It has been generally agreed, however, that any prejudice resulting even from an unproved list of aliases is cured by proper instruction. United States v. Monroe, supra; Doelle v. United States (5th Cir.1962), 309 F.2d 396; United States v. Valenti (W.D.Pa. 1947), 74 F. Supp. 718; Commonwealth v. Neuman (1943). 151 Pa.Super. 642, 30 A.2d 698.

In the instant case defendant was named in the charging affidavit as "Wilbert Moore a/k/a Wilbert Ward." Both names were explained by Moore's mother at trial, on direct examination, as follows:

"Q. Willie Ward is your son? "A. He is my son. "Q. How is it that Wilbert Moore is being called Wilbert Ward? "A. At the time, I was young and the name was Moore, because I was unwed, that was my name, and paternityship was established and I have two (2) birth certificates, one by my maiden name and the one was his legal name. "Q. What is his father's last name? "A. Ward."

It is not difficult to conceive a situation wherein the unnecessary, or excessive, or unproved use of aliases would create a connotation of criminality sufficient to thwart the fairness of the trial. This is not such a case. The use of the alias "a/k/a Wilbert Ward" was not excessive; only the single alias was used, not a whole string. And, the testimony of defendant's mother not only explained the use of the alias, but was sufficient to obviate any prejudice flowing therefrom. We find no prejudicial error.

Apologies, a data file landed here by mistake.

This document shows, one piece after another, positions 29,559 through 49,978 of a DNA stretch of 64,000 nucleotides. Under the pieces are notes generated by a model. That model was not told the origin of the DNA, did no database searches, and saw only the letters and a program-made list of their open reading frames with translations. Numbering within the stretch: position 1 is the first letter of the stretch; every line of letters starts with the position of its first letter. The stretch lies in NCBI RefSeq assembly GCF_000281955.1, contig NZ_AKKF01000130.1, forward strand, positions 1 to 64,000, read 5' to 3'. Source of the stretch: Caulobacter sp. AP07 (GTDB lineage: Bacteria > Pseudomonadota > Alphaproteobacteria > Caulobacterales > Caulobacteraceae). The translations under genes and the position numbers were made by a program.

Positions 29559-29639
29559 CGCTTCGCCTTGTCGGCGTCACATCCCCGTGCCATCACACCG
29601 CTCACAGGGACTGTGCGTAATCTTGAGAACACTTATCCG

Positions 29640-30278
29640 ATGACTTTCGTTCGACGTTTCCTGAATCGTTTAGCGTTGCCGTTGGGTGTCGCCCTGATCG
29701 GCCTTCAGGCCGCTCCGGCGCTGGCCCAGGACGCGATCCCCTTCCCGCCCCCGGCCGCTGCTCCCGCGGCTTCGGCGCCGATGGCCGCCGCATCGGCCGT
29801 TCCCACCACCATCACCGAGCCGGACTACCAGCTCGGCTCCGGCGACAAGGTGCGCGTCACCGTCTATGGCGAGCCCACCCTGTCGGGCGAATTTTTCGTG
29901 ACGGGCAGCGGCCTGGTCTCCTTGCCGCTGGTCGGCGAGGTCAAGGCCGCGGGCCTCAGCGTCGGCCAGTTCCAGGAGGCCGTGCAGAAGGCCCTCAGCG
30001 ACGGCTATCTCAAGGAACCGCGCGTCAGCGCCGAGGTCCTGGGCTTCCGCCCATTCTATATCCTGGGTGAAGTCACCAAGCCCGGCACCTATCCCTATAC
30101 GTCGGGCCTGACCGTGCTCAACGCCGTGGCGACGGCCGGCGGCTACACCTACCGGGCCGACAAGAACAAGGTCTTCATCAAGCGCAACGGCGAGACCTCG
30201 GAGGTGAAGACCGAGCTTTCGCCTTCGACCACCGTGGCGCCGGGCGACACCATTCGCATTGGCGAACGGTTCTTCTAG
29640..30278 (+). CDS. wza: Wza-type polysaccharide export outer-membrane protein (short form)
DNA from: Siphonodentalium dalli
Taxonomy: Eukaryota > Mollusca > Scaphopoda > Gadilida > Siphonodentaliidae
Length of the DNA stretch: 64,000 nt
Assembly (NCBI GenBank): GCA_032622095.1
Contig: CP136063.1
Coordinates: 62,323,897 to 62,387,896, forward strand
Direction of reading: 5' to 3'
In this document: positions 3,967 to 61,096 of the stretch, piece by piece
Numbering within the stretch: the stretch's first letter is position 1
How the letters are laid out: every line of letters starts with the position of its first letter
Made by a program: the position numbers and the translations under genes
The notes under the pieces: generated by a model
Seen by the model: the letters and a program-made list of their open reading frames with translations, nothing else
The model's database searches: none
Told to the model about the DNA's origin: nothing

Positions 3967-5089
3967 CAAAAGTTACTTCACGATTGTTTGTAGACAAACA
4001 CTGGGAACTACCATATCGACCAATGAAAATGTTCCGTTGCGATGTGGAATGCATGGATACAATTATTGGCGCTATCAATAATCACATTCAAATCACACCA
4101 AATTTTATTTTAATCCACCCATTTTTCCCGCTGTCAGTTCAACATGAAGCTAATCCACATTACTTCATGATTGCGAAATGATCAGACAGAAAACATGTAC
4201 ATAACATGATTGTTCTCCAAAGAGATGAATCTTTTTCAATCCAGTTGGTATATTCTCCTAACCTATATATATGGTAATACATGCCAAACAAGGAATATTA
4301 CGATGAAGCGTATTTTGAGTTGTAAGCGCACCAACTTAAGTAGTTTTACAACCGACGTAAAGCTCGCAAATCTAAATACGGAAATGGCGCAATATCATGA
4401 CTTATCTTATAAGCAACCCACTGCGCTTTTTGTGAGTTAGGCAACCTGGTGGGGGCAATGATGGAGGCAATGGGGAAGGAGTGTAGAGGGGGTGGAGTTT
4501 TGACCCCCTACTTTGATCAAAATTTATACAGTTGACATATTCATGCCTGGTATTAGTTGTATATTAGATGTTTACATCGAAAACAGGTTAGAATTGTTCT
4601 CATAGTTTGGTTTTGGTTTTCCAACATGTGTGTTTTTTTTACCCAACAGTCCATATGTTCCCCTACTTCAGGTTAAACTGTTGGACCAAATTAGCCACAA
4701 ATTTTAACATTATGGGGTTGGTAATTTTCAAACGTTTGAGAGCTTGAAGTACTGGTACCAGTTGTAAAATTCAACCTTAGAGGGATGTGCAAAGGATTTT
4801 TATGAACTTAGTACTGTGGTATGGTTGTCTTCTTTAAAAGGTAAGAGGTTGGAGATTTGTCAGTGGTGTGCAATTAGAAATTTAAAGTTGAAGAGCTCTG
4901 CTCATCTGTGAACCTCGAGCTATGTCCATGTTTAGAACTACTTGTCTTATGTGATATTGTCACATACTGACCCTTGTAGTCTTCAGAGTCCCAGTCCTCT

Moore next contends that the trial court erred in admitting into evidence the following testimony of Randolph Scott, a witness for the State:

"Q. Directing your attention to July 22nd, 1971, that was on a Thursday, of this summer, were you a member of any club? "A. Yes, sir. "Q. What club was that? "A. The Black P-Stone Nation. * * * * * * "Q. Who was the leader of that club, Randolph? "A. Wilbert Moore. * * * * * * "Q. Indicating the Defendant, Wilbert Moore. Now, directing your attention to the morning on that day, did you have an occasion to be at a gang meeting? "A. Yes, sir. "Q. Where was that held? "A. Upstairs at Mr. Darby's house. * * * * * * "Q. Was Wilbert Moore at the meeting? "A. Yes, sir. * * * * * * "Q. Who was the leader of the meeting? "A. Wilbert. *19 "Q. What was the meeting about? "A. There was a plan to rob a post office and check out something about... . * * * * * * "Q. Other than what you have referred to, Randolph, was there anything else discussed at that meeting? "A. There was a plan to rob Gross' store."